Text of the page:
Capital Flow & War

QUESTION: Marty, at one of your WEC events during the nineties, if I remember correctly, you had said that your capital flow analysis revealed that the dollar rises during European and Middle Eastern wars and declines with North American wars. Could you refresh my memory on that?

I will see you in Shanghai. Never been there. Looks like it will be a very interesting conference.




ANSWER: Nice to hear from you. Yes, your memory is not bad. Capital Flows are very distinct. Capital will always seek to move away from a war zone. In the case of Europe, it was the massive capital outflows from Europe which fled to the USA for both World War I and World War II. The USA was near-bankrupt in 1896 when JP Morgan came to the rescue. That is what made the USA the financial capital of the world. The same was true of the Suez Canal Crisis.

The ArabIsraeli War of 1948 broke out when five Arab nations invaded the territory in the former Palestinian mandate immediately following the announcement of the independence of the state of Israel on May 14, 1948. I hate to point out but 2020 will be 72 years from that event. This was followed by the major devaluations of currencies against the dollar – i.e. British pound. During the Cuba Missile Crisis (October 16-28, 1962), the currencies were fixed. The capital flows still managed to cause the British pound to rally from $2.78 to $2.81.


In the case of the Gulf War (August 2, 1990 – February 28, 1991), like Russia and the Lebanese War, our computer was picking up the capital flows which were indicating there was something brewing in the Middle East. You can easily see that the Euro began to spike upward in advance of the August 2, 1990, Iraqi invasion of Kuwait. In this case, it was the USA which was the invading force and thus was intimately involved in the war. Hence, the dollar declined compared to rising with World Wars I & II and other events not involving the US as the aggressor.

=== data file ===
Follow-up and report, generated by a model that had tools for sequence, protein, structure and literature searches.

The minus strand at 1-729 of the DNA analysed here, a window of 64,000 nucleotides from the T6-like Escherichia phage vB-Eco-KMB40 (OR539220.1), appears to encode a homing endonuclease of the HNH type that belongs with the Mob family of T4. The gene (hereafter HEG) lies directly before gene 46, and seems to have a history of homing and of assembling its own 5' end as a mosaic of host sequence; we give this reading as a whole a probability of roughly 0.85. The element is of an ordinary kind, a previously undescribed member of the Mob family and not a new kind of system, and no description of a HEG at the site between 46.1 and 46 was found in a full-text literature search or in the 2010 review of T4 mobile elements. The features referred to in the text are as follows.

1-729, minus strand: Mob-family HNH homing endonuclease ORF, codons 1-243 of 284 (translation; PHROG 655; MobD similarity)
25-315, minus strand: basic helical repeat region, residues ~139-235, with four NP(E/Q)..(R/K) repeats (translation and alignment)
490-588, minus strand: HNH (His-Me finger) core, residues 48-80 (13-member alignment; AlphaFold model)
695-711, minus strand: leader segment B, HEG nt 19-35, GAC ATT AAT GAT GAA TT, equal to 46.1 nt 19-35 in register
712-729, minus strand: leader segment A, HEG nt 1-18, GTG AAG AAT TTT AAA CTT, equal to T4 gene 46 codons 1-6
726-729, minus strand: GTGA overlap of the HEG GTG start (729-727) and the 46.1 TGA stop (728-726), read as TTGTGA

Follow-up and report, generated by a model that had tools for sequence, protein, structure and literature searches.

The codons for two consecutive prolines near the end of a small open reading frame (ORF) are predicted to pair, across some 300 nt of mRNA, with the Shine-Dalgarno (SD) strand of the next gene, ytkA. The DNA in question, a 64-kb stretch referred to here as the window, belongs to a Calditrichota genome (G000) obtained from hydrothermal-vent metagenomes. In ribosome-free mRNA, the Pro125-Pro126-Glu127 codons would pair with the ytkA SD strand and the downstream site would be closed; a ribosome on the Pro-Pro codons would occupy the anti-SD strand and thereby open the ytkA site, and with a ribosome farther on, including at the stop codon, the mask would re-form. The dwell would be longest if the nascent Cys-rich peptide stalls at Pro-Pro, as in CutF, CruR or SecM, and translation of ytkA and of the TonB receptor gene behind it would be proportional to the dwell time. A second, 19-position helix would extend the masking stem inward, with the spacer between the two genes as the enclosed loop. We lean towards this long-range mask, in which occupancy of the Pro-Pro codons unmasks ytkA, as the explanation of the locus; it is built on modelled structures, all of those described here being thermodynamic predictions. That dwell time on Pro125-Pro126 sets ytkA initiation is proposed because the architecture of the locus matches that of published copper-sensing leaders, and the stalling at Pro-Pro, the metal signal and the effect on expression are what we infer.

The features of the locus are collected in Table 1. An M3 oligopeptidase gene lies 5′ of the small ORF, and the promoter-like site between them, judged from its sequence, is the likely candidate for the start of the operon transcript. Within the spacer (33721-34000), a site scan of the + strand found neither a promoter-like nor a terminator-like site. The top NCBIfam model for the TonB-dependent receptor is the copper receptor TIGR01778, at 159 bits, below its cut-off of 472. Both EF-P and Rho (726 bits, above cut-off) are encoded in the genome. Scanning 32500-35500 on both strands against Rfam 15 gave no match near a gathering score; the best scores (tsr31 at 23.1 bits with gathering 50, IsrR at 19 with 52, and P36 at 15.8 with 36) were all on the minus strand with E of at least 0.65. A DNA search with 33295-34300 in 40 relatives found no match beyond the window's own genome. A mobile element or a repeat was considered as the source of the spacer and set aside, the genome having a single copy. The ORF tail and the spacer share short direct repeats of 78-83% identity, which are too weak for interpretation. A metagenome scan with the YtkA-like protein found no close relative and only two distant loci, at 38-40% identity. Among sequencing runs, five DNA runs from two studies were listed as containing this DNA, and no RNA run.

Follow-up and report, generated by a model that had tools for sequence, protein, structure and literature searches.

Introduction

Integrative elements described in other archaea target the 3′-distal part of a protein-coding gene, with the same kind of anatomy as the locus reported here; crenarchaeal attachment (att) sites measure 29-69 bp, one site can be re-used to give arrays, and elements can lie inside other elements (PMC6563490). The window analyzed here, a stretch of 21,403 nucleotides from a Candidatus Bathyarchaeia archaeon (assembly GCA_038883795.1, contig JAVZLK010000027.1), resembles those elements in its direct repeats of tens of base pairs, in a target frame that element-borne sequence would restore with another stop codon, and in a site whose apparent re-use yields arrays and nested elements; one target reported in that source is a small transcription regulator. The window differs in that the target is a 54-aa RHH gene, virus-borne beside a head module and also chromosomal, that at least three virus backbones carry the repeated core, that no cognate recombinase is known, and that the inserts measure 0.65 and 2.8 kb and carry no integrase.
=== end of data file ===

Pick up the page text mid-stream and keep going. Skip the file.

Even for 911, the US government used our study to identify the capital which was strategically moving in advance to profit from the attack. Later, the National Commission on Terrorist Attacks Upon the United States (also known as the “9/11 Commission”) conceded that there was highly unusual trading activity in the airline stocks of American and United prior to September 11, but they tried to play it down as coincidence to discourage these further strategies. The capital flows clearly reflected sharp movement in advance which was international, not domestic.

It was our Capital Flow models that forecast the collapse of Russia back in 1998. We were able to forecast that event which turned into the Long-Term Capital Management crisis because the “club” was all on the same trade – buying Russian bonds expecting the IMF to always bail out Russia so it was a “guaranteed trade” and they ignored risk. That led to a massive liquidity crisis where they began selling assets everywhere to raise money to cover losses in Russian bonds they could not sell.

I have told the story at various WEC events how I stumbled upon this relationship. We had a client back in the 1980s which was a major bank in Lebanon. They found a ledger with the price quotes each day of the Lebanese pound back into the mid 19th century. They asked if we could create a model on their currency. We fed in all the data and the computer came back and forecast that Lebanon would fall apart in 8 days. I thought there was something wrong. I told the client what the computer forecast and they very calmly asked, what currency would be best? I was stunned. They obviously knew something was brewing. The computer was correct to the very day.

Then a Saudi client was one of the biggest shipping companies with very high political connections. He called and said that Iran would begin attacking shipping in the Gulf and asked what gold would do?

I began to realize that people with inside information moved money in advance of geopolitical events some to profit, and others to avoid losses. This is what the computer picks up. It does not identify the person.


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